And, We Learn About More Of Merck's Vioxx Shenanigans -- Another Benefit Of Pharmaceutical Product Liability Litigation
(Posted by Tom Lamb at DrugInjuryWatch.com)
For the second time in as many weeks, it was the Johnson & Johnson (J&J) company blog that tipped us off that Ortho-McNeil is responding to an item from The New York Times by posting a letter on the Ortho Evra web site.
To start, on April 14, 2008 the Times ran an editorial, "The Dangers in Pre-emption", which begins:
The pharmaceutical industry and its good friends in the Bush administration are working hard to prevent consumers from filing damage suits for injuries caused by federally approved drug products. They may soon get a helping hand from the Supreme Court, which has already barred many suits over faulty medical devices....
Next, here's the same-day post on the J&J blog, titled "ORTHO EVRA and Preemption — Revisited":
Today, The New York Times editorial page commented on the concept of preemption, basing much of their position on an April 6 New York Times article on the same subject and once again featuring ORTHO EVRA®, the birth control patch marketed in the U.S. by our Ortho-McNeil unit. Today, Ortho-McNeil published a letter from David Norton, the Company Group Chairman, Worldwide Commercial and Operations, who is responsible for the Ortho-McNeil business that provides more context from our perspective for those who are interested.
If you prefer, go directly to this "April 13, 2008 Employee Follow-up Communication", written by Ortho-McNeil's David Y. Norton.
Meanwhile, in a convenient coincidence, in the past couple of days there has been a tremendous amount of media coverage given to the discovery that Merck used "ghostwriters" for Vioxx articles and failed to disclose to the FDA an internal analysis which found Alzheimer's patients who were taking Vioxx in a clinical study sponsored by Merck had a three times greater risk of death than patients taking a placebo.
As summarized by Peggy Peck for MedPage Today in an April 15, 2008 online article, "Rofecoxib (Vioxx) Studies on Mortality Were Controlled by Drug Company":
Ongoing litigation about rofecoxib (Vioxx) has provided confirmation that Merck employees or hired ghostwriters were the true authors of manuscripts about the drug published as the work of academic researchers.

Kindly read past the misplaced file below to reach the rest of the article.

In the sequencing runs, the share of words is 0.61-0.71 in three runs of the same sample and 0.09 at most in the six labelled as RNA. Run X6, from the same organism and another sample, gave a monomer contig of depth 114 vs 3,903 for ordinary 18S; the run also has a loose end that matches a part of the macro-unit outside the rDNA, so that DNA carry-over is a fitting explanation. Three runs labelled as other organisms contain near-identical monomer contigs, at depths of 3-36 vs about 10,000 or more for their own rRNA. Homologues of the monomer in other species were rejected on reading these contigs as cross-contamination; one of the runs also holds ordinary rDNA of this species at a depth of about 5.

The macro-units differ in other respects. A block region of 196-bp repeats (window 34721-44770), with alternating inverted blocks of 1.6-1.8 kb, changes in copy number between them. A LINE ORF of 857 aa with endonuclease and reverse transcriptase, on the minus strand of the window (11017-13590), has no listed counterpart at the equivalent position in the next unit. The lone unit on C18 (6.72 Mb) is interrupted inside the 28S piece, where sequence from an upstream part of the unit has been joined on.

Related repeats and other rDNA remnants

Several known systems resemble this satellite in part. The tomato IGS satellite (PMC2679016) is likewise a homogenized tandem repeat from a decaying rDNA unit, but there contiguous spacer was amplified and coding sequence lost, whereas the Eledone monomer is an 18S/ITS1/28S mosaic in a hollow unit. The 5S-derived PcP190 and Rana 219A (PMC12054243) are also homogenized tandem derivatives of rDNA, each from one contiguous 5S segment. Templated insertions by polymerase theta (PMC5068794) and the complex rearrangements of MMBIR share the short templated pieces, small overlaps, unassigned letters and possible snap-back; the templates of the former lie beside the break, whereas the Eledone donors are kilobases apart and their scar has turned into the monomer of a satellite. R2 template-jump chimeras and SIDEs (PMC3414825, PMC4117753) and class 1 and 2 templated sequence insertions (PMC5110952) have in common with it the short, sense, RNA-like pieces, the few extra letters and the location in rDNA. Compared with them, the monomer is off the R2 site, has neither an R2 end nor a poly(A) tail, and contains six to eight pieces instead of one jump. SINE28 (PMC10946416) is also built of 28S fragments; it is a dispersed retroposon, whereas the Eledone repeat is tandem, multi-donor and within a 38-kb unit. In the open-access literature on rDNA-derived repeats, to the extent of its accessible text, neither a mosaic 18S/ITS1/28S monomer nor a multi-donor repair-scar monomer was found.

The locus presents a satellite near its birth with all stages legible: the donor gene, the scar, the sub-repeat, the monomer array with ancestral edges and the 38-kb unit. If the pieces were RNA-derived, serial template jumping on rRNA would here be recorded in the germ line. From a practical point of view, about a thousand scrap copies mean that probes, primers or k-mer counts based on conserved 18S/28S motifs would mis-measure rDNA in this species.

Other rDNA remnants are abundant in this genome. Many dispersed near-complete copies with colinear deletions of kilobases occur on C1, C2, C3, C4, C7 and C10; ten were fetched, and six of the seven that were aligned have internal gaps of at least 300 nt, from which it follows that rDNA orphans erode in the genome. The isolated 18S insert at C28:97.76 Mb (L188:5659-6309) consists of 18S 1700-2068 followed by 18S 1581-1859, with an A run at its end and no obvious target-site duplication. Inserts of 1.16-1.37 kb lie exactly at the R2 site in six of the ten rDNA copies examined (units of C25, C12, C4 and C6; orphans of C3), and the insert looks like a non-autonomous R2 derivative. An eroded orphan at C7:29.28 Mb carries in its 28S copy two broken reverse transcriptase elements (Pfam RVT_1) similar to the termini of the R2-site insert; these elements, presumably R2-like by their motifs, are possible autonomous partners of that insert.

That finding was published in the April 16 issue of the Journal of the American Medical Association along with a second study -- also mined from a paper flood uncovered by lawyers -- that suggests Merck manipulated data to hide an increased mortality risk with rofecoxib.
Bruce M. Psaty, M.D., Ph.D., and Richard A. Kronmal, Ph.D., of the University of Washington in Seattle, said Merck told the FDA that an intention-to-treat analysis of data from three trials designed to assess the effects of rofecoxib on the occurrence or progression of Alzheimer's disease revealed an increased mortality risk with the drug....
The underlying study is "Reporting Mortality Findings in Trials of Rofecoxib for Alzheimer Disease or Cognitive Impairment: A Case Study Based on Documents From Rofecoxib Litigation (JAMA. 2008;299(15):1813-1817).
For additional detail, we turn to "Merck May Have Misrepresented Vioxx Risks", by Anna Sophia McKenney, and posted April 16, 2008 at Medical News Today:
The risk-benefit profile of rofecoxib (marketed under the names Vioxx, Ceoxx and Ceeoxx) may be have been misrepresented by the study sponsor, Merck, in clinical trials with patients with cognitive impairment. This was the result of a comparison of internal company documents, data submitted by the company to the Food and Drug Administration (FDA,) and published clinical trial results, according to an article in the April 16 issues of JAMA....
... These documents were made available during litigation related to rofecoxib and Merck, including internal company analyses and information provided by the sponsor to the Food and Drug Administration....
It seems to me that this conduct by Ortho-McNeil and Merck demonstrates that federal preemption is a concept which does not fit the reality of how drug companies "interact" with FDA officials as regards the safety of their products. Likewise, what we have learned about Ortho Evra and Vioxx as the result of pharmceutical product liability litigation shows why preemption is a bad idea.